Saraca indica Linn.

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Saraca indica Linn. Family

Fabaceae

Saraca indica Linn. English name

Ashoka

Saraca indica Linn. Local Name

Ashoka Tree

Saraca indica Linn.

Saraca indica Linn. Description

This plant is an evergreen; slow-growing, small flowering tree and its height is up to 7 to 10 m. It is an easy to grow and easy to prune tree that flowers abundantly and provides a compact shaped canopy and makes it an ideal candidate as a lawn tree or a house plant. It shows symmetrical pyramidal growth with willowy weeping pendulous branches. The plant has umbrella like structure. The tree has compound leaves with 4 to 6 pairs of leaflets. The young leaflets changes colours from greyish white to pinkish and remain folded. The flowers produced in big dense clusters directly on trunk or branches. Unlike most other legumes, flowers have no petals. Sepals open yellow, aging to orange and red. Fruits are large, flat and leathery explosive pods (20cm), purplish when mature, shaped like scimitars. This tender foliage of coppery red colour offers an amazing sight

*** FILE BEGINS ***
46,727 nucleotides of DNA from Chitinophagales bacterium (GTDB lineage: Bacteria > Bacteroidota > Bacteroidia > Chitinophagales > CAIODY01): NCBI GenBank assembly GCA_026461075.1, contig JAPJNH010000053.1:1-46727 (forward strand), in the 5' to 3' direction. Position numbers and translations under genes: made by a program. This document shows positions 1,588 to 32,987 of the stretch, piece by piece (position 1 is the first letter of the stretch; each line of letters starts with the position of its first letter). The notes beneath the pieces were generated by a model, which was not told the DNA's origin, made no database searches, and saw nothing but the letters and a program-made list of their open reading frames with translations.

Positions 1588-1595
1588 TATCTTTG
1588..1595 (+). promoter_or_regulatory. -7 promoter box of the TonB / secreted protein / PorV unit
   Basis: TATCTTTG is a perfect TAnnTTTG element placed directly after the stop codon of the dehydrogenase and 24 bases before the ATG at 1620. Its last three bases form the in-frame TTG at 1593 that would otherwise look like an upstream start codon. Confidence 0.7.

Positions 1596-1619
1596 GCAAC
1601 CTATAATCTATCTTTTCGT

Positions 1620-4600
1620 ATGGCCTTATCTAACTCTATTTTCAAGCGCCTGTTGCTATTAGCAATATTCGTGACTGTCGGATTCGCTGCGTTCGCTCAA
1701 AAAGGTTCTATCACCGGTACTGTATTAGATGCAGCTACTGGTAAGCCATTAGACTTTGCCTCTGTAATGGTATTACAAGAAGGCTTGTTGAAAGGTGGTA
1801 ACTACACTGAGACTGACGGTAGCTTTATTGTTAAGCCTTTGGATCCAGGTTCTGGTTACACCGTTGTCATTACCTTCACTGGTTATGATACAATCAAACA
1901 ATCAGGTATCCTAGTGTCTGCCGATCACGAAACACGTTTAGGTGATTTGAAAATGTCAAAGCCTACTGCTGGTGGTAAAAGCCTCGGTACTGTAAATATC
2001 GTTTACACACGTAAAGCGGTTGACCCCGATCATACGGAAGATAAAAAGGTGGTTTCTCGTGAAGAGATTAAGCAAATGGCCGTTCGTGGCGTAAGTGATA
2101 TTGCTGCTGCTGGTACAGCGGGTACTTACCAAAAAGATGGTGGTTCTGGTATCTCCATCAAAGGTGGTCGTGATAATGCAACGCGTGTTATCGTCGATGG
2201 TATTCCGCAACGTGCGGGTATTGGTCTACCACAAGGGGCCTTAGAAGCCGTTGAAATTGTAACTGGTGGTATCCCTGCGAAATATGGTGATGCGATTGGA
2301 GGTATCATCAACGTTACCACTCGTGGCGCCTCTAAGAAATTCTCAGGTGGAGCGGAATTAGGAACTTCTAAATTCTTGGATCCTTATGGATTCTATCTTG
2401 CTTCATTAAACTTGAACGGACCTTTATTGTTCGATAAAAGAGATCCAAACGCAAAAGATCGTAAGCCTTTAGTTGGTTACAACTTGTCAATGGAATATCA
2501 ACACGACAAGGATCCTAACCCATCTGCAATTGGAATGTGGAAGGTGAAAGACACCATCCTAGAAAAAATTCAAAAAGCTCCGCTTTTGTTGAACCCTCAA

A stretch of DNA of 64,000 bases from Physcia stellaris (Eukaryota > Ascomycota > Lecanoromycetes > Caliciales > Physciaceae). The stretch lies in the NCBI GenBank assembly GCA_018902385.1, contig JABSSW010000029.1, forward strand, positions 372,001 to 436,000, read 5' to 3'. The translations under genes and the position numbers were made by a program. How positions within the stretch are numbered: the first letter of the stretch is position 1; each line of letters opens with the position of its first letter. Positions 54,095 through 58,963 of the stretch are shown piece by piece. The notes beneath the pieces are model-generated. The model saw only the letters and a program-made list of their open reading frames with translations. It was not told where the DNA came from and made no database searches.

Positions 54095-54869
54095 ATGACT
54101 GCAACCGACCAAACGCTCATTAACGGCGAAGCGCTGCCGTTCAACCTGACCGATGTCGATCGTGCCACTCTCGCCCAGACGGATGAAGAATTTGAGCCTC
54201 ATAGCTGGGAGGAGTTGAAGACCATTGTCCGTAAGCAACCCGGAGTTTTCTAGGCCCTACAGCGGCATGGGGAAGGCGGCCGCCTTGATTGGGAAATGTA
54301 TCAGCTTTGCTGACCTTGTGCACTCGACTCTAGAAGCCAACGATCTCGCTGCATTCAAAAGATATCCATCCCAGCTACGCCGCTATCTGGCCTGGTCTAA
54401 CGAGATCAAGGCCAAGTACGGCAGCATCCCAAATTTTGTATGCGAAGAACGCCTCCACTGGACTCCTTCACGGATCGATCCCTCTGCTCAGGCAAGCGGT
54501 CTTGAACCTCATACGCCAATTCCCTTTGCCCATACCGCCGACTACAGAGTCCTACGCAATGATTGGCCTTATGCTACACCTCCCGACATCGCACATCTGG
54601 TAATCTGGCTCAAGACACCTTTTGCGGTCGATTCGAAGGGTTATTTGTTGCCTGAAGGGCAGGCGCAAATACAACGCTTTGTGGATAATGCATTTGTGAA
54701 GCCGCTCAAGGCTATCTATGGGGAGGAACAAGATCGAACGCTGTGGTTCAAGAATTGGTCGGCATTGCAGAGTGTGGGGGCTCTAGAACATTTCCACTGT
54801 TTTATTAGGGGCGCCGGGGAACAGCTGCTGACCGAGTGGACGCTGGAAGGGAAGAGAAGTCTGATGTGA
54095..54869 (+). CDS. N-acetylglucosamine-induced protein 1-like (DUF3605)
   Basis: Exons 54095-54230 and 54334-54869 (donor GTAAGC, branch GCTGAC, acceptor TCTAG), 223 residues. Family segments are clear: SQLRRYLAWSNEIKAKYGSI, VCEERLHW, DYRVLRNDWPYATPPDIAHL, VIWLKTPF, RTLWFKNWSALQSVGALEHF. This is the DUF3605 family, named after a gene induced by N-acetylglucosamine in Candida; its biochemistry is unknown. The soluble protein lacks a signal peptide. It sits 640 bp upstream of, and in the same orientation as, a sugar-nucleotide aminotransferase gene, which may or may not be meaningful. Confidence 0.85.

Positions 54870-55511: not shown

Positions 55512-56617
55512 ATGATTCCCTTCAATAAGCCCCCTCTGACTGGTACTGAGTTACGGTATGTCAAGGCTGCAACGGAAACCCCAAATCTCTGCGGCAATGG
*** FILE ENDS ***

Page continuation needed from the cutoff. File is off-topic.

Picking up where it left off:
Saraca indica Linn.

Saraca indica Linn. Distribution

This plant is native to Indian subcontinent. It favours the warm humid climates of Pakistan, India, and Myanmar, Thailand, Malaysia, Indonesia, Laos, Vietnam.. It is a rain forest tree and can easily be found in the Deccan Plateau and Western Ghats of the Indian subcontinent. It grows near streams and on riverbanks, at elevations up to 900 m.

Saraca indica Linn.

Saraca indica Linn. Uses

Flower of the plants are edible and are eaten after cooked. The fruits are used as a masticatory as a replacement for betel nuts. This tree is known for many health benefits to the human body. The barks and leaves are beneficial for treating menstrual problems in females including Dysmenorrhea, abdominal pain and uterine spasms. The bark of the tree has rich amounts of tannins, flavonoids, and glycosides that overall work as a uterine tonic. The roots and seeds of tree can be used to treat skin conditions including dermatitis, acne and psoriasis.

(Biswas and Debnath, 1972

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